By Dave Gilchrist
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Germany: racists take to the streets

This article is over 7 years, 6 months old
Issue 399

Khaled Idris Bahray was murdered outside his front door on Monday 12 January. The door was daubed with a swastika and the chilling slogan, “We’ll get you all”. A 20 year old Eritrean refugee to Germany, Khaled lived in Dresden.

The eastern city has seen a series of large anti-Islamic demonstrations organised by Pegida, the German initials standing for Patriotic Europeans Against the Islamification of the West. Pegida has attracted up to 25,000 on its protests, mainly older, middle class and well to do people. The demonstrations are held on a Monday night, in imitation of the protests in 1989 which spread through the East and eventually brought the downfall of the former East German regime.

Pegida abuses the slogan that was used at that time, “We are the people” — in German “Wir sind das Volk”. This can have right wing associations as “das Volk” was used by the Nazis to mean German by blood. Organisers in Dresden have had to be seen to distance themselves from the NDP, a fascist party.

The movement arose after an organisation of right wing football thugs called HoGeSa, Hooligans Against Salafism, held demonstrations in Hanover and Cologne. HoGeSa has clear links with neo-Nazis. Imitators have tried to spread this Islamophobic movement to other towns and cities across Germany, fortunately with less impressive results.

Twice neo-Nazis in Berlin have tried to initiate their own version, Bargida, attracting only a couple of hundred each time, while being opposed by several thousand anti-fascists. The Leipzig offshoot, Legida, has pulled several thousand to its demonstration, but they have been outnumbered and blockaded by anti-racists.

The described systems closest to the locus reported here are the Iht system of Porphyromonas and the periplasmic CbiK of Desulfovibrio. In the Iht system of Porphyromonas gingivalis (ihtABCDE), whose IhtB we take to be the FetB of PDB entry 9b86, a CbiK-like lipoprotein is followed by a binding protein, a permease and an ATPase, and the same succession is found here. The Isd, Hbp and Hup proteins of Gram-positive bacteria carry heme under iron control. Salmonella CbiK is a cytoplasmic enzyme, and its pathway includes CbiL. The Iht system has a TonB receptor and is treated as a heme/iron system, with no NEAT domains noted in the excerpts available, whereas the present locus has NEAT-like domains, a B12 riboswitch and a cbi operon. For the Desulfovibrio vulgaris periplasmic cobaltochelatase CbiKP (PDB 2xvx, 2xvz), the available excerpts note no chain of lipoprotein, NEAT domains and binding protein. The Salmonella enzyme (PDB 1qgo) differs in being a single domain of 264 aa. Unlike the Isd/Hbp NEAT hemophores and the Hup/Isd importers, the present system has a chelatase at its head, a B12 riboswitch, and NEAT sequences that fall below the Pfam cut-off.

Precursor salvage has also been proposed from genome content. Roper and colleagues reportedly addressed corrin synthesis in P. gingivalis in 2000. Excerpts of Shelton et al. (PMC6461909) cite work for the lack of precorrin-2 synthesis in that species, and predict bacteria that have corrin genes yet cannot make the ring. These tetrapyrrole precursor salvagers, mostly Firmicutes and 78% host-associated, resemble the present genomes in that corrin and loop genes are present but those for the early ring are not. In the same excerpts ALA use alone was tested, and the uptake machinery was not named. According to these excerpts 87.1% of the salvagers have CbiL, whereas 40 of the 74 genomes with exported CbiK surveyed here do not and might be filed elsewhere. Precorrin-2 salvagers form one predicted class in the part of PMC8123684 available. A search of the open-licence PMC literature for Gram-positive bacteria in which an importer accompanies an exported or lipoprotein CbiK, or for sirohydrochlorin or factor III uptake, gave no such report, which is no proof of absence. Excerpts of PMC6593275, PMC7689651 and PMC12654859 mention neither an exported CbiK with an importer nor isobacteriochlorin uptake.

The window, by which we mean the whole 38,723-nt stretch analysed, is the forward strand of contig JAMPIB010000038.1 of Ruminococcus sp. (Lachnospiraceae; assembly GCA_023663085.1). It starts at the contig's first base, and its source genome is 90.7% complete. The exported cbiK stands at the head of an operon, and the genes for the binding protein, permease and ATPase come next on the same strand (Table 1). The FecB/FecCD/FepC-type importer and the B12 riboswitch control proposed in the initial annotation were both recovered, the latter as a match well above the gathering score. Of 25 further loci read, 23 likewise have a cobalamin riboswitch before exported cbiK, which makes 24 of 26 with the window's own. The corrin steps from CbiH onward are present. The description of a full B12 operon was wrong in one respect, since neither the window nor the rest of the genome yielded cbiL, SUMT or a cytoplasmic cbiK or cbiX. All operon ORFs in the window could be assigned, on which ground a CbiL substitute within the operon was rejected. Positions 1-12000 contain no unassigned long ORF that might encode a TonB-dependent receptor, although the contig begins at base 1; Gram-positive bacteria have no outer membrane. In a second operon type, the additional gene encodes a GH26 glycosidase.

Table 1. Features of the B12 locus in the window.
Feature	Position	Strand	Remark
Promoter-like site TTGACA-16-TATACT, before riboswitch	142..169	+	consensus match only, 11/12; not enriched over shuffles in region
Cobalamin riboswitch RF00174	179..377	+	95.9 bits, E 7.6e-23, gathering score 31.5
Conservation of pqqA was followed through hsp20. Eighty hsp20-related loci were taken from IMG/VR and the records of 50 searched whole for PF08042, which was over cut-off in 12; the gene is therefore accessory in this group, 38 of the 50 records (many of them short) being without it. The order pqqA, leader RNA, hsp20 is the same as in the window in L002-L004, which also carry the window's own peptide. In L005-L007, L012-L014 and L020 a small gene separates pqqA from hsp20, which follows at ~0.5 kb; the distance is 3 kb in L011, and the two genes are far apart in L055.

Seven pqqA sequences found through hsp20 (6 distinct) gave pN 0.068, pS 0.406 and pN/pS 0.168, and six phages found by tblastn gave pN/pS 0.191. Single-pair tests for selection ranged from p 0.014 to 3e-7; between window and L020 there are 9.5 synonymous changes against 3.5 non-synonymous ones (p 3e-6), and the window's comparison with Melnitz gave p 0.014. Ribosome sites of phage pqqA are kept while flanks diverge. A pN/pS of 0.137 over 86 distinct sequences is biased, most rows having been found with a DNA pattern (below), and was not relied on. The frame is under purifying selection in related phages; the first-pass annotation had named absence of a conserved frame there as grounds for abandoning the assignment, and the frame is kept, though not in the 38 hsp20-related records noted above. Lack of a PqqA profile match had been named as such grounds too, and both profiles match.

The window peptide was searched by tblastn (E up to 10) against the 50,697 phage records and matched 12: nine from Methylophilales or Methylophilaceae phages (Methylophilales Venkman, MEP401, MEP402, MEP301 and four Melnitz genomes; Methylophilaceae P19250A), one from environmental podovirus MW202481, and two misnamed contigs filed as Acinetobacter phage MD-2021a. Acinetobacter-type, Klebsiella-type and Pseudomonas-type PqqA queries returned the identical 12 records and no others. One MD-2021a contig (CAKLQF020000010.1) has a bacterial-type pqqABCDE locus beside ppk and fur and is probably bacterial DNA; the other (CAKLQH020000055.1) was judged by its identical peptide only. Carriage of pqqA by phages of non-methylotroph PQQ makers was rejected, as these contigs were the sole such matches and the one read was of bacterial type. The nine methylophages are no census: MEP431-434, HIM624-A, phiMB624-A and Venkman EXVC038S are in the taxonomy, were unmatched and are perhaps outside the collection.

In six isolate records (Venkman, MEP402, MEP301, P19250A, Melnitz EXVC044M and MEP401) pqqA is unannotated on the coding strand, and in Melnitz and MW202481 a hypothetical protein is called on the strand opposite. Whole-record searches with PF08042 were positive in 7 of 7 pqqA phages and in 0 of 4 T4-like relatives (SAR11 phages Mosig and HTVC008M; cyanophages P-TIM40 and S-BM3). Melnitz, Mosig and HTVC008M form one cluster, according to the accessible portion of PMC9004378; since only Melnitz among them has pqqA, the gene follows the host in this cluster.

While there have been anti-Muslim demos in other German cities, the movement is at the moment mainly in the East. However, there has been an impressive response from anti-racists across Germany. Up to 35,000 anti-racists marched in Munich at a few days notice; 20,000 in Leipzig; 20,000 in the small town of Freiburg; and 35,000 in Dresden itself. These protests are organised by local coalitions including activists from left wing party Die Linke and the trade unions, alongside young people. The large turnouts show a deep concern about the appearance of the far-right on the streets.

Anti-racists received a boost when Pegida leader Lutz Bachmann was forced to take a back seat after it was revealed that he had posted pictures of himself on Facebook imitating Adolf Hitler along with comments calling refugees “trash”.

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